Arbeitsbereich: Computer Science

Prof. Dr. Stefan Dietze

21. December 2020

Prof. Dr. Stefan Dietze is Professor of Data & Knowledge Engineering at Heinrich Heine University Düsseldorf and Scientific Director of the department Knowledge Technologies for the Social Sciences at GESIS (Leibniz Institute for the Social Sciences) in Cologne.

His research is concerned with mining and interpretation of large amounts of heterogeneous data, in particular from the Web, using methods at the intersection of natural language processing, machine learning, and information retrieval. Being head of the Knowledge Technologies for the Social Sciences department at GESIS, a particular focus is on the use of (social) web data for interdisciplinary research questions in the social sciences. At DIID, he is interested in the investigation of online discourse using NLP-based methods, e.g., for the recognition and classification of statements or sources or the understanding of information diffusion in social networks.

Björn Ebbinghaus

15. October 2020

Björn Ebbinghaus has studied Computer Science at the Heinrich-Heine-University Düsseldorf since 2013. He completed his Bachelor of Science degree in 2017. At the same time, he was already working on D-BAS, the dialog-based argumentation system, a project of the first phase of the Research Training Group, as a student assistant. During his master studies at the HHU, he focused on the use of argumentation systems in natural language environments, such as chat systems, by chatbots.

In his master thesis he investigated the possibilities of extending existing argumentation systems with a subsequent decision making process. For this purpose, an experiment was conducted with the student body of computer science to test whether this kind of decision making is perceived as fair and acceptable by the students. Since January 2019 he is employed as a research assistant at the Chair of Computer Networks of Prof. Martin Mauve, where he is researching the practical application and development of systems for decision making.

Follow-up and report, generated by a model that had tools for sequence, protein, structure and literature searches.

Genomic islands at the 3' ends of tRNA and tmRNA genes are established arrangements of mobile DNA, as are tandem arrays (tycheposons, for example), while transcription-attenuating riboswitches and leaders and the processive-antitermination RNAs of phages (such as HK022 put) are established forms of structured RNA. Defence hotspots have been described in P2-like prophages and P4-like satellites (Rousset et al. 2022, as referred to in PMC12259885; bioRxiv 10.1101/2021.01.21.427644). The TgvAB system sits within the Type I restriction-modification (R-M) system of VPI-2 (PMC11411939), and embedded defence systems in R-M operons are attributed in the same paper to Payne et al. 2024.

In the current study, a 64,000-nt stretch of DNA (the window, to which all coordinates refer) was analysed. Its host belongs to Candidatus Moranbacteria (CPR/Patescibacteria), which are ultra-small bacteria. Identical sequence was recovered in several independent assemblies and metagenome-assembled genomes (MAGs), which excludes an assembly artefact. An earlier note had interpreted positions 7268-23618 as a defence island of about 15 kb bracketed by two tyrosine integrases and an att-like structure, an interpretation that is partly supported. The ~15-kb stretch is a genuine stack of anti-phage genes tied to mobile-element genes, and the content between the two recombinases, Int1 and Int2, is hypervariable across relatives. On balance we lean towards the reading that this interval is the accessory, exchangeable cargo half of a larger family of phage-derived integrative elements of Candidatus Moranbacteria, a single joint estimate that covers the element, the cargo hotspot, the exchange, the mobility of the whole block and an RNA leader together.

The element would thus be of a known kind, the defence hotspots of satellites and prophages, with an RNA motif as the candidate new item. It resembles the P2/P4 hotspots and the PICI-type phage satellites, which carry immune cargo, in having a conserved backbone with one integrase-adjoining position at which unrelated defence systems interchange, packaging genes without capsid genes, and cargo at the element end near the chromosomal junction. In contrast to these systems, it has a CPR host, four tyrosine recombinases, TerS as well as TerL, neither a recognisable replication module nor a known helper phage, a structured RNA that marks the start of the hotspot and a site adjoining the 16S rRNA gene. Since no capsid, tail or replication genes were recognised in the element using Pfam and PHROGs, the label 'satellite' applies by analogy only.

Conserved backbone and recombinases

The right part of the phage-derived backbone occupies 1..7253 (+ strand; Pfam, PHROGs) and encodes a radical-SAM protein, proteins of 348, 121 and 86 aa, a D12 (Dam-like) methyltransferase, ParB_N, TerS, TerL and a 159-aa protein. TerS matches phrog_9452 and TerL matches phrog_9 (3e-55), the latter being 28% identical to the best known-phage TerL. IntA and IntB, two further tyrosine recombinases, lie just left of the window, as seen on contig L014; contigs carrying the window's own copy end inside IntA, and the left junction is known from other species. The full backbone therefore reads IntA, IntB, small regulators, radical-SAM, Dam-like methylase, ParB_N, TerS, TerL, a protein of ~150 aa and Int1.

Regina Stodden

12. December 2019

Regina Stodden is a research assistant at the Computational Linguistics Department at Heinrich Heine University Düsseldorff and a member of the second funding phase of the NRW PhD program “Online Participation”: She studied Educational Science, Text Technology, and Computational Linguistics (B.A.) at the University of Bielefeld and Information Science and Language Technology (M.A.) at Heinrich Heine University Düsseldorf.

During her Bachelor studies, Regina Stodden researched on a smart apartment (CITEC Bielefeld). Furthermore, during her Master studies, she examined the accessibility of open data portals and developed possible applications with the usage of open data. In the course of the PhD program, “Online Participation”, Regina Stodden focuses on automatically natural language processing, especially text simplification, on propositions of users from online discussions. The goals are, on the one hand, to facilitate more persons(e.g., German language learners) participation and, on the other hand, to reduce the manual effort of text analysis.

Prof. Dr. Jörg Rothe

21. March 2018

Prof. Dr. Jörg Rothe is head of the working group for complexity theory and cryptology at Heinrich Heine University Duesseldorf since 2000. Since 2014 he is chair of the Department of Computer Science.

His research interests are in computational social choice, algorithmic game theory, and fair division, typically focusing on the algorithmic and complexity-theoretic properties of the related problems. At DIID, he is interested in formal models of theoretical computer science for the description and evaluation of user interactions in online participation processes.

Alexander Schneider

21. March 2018

Alexander Schneider is research assistant at the chair for computer networks at the Heinrich Heine University Duesseldorf. He studied computer science (M.Sc.) in Duesseldorf as well.

He is interested in online voting systems with an emphasis on security, online-participation and computer networks.

Christian Meter

21. March 2018

Christian Meter is research assistant at the Institute of Computer Science and in the working group „Technology of Social Networks“. He studied Computer Science at Heinrich Heine University Duesseldorf between 2010 and 2015.